Alzheimer’s, Parkinson’s, and other major neurodegenerative diseases appear to have early, silent tipping points, at which toxic protein clusters start to build up faster than brain cells can safely dispose of them. There is evidence that these tipping points generally occur in middle age, in part because cellular systems that degrade and recycle unwanted protein formations start to decline in efficiency during these years (see “In Search of the Origins of Neurodegenerative Disease”). Some labs now are looking for ways to prevent specific neurodegenerative diseases by boosting these natural waste-recycling systems in brain cells—a strategy that, in principle, would keep our brains more youthfully free of harmful gunk.
“There’s a lot of evidence now that protein degradation and the accumulation of misfolded proteins are relevant to some aging-related diseases, and maybe to normal aging,” says Dan Finley, a professor of cell biology at Harvard Medical School.
Pumping up proteasomes
Cellular processes that limit or get rid of potentially harmful material are particularly important in the brain. The production of new neurons by stem cells occurs only in a small minority of brain regions, and so neurons that fail to keep their waste-recycling systems running efficiently are likely to die without being replaced.
One of the best-known of these recycling systems is the ubiquitin-proteasome system. Ubiquitin enzymes latch onto unwanted proteins and form chains that mark them for disposal, while proteasomes, roving structures that bristle with protein-cutting protease enzymes, do the disposing. Proteasomes can clear small protein aggregates (“oligomers”), can keep single copies of inherently aggregation-prone proteins at safe concentrations, and can dispose of proteins that have been altered to become more aggregation-prone, says Finley.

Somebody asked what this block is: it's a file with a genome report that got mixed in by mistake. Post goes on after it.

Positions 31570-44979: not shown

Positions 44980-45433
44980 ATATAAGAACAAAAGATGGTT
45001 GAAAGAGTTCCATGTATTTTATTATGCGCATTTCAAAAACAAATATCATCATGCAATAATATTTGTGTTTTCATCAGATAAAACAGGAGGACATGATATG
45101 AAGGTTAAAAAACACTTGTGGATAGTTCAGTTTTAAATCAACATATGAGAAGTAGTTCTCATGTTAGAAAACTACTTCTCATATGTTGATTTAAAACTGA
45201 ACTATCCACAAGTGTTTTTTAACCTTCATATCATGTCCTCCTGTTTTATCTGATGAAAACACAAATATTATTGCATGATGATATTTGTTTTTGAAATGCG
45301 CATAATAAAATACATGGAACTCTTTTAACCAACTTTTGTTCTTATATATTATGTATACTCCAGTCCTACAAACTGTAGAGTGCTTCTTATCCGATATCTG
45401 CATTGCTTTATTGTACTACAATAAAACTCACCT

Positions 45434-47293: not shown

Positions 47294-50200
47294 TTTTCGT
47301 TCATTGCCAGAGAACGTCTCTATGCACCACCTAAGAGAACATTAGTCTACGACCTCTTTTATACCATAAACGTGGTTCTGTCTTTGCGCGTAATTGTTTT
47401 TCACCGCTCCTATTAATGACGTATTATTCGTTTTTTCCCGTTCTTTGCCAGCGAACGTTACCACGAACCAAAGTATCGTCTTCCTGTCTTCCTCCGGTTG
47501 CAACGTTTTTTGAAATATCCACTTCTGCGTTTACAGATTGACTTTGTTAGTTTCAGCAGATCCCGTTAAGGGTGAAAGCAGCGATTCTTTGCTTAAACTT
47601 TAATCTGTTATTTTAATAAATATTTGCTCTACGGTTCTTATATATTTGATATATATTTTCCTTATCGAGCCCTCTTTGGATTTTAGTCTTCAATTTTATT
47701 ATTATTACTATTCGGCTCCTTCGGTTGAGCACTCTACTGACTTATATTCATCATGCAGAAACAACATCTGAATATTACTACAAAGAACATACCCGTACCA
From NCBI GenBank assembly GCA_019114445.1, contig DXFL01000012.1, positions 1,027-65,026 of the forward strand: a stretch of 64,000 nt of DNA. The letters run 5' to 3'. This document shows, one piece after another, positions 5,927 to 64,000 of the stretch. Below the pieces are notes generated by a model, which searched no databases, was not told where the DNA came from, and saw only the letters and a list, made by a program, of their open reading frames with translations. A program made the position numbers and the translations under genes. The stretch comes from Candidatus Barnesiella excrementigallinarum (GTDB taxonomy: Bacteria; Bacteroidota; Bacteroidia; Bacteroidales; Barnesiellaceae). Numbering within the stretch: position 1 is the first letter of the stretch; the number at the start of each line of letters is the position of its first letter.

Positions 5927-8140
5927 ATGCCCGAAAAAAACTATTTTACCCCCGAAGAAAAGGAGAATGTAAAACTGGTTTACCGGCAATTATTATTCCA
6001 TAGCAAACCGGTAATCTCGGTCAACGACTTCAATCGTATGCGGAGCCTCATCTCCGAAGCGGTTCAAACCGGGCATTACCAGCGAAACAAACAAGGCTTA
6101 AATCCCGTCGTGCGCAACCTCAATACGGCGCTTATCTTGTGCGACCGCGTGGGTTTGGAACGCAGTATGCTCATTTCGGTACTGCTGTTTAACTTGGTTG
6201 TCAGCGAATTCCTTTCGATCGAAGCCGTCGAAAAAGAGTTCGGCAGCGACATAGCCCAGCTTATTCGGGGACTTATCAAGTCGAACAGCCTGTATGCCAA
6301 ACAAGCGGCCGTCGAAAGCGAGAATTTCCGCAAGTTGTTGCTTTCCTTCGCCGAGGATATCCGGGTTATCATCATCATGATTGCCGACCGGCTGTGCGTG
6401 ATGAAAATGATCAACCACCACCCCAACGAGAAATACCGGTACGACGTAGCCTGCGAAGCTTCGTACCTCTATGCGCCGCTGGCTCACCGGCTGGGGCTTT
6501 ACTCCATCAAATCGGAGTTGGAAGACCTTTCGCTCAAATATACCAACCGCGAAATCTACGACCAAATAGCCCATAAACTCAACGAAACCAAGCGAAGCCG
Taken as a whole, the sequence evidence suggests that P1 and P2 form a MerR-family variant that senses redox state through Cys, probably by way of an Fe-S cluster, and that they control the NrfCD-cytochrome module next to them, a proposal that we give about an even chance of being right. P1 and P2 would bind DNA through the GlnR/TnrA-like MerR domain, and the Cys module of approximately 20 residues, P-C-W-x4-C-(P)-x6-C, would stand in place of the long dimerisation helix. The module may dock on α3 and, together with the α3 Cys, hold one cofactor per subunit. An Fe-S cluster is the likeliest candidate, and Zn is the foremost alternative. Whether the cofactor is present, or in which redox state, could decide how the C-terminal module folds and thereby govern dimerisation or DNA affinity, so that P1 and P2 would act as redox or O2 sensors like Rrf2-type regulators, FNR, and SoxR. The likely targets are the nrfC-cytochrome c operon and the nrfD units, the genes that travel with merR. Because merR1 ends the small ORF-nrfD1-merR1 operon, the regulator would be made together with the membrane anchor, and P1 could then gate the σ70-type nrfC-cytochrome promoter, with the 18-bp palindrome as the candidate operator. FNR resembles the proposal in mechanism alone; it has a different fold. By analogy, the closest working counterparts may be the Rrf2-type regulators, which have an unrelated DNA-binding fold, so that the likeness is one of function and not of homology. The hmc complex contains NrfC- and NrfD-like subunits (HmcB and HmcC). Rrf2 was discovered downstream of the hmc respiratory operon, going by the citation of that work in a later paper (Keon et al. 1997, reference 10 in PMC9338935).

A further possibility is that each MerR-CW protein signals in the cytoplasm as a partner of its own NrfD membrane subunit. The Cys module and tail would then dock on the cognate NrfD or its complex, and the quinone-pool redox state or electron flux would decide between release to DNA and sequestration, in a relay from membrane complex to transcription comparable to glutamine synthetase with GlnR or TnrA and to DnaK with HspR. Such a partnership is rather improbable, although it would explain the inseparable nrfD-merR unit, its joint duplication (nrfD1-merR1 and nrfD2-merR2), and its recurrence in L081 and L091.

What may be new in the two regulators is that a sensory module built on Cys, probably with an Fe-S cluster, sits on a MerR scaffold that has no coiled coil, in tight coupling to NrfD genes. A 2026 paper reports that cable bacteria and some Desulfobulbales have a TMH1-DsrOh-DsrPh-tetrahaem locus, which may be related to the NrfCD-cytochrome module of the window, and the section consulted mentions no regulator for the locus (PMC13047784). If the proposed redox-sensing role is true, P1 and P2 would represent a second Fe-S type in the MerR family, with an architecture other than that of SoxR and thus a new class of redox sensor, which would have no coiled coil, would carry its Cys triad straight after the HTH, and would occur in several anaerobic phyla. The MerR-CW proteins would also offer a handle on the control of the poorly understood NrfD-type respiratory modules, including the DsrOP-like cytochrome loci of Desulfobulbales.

Finley’s lab, collaborating with the lab of fellow Harvard cell biologist Randall King, published a study in Nature Sept. 9, 2010, showing from test-tube and cell culture experiments that a natural enzyme, USP14, normally helps to regulate the proteasome system by trimming ubiquitin chains—in effect, limiting proteasomes’ ability to recognize and clear unwanted proteins and oligomers.
Finley and King and their colleagues screened thousands of small molecules until they found one—dubbed IU1—that could inhibit the activity of USP14. Applying IU1 to their cell cultures, they found that the drug sharply increased the ability of proteasomes to clear several cluster-prone proteins associated with neurodegenerative disease, including tau protein (seen in Alzheimer’s) and TDP-43 (seen in amyotrophic lateral sclerosis), as well as proteins dangerously altered by reactive oxygen molecules.
“Since submitting the paper we’ve found more potent derivatives of IU1, and we’re planning to test these in several mouse models of neurodegenerative disease,” says Finley.
The labs are currently finalizing an agreement with a private biotech partner to support this initial drug-development research. But Finley and King and their colleagues also hope to find new ways to influence the proteasome system. “There are a lot of credible drug targets in that pathway,” Finley says.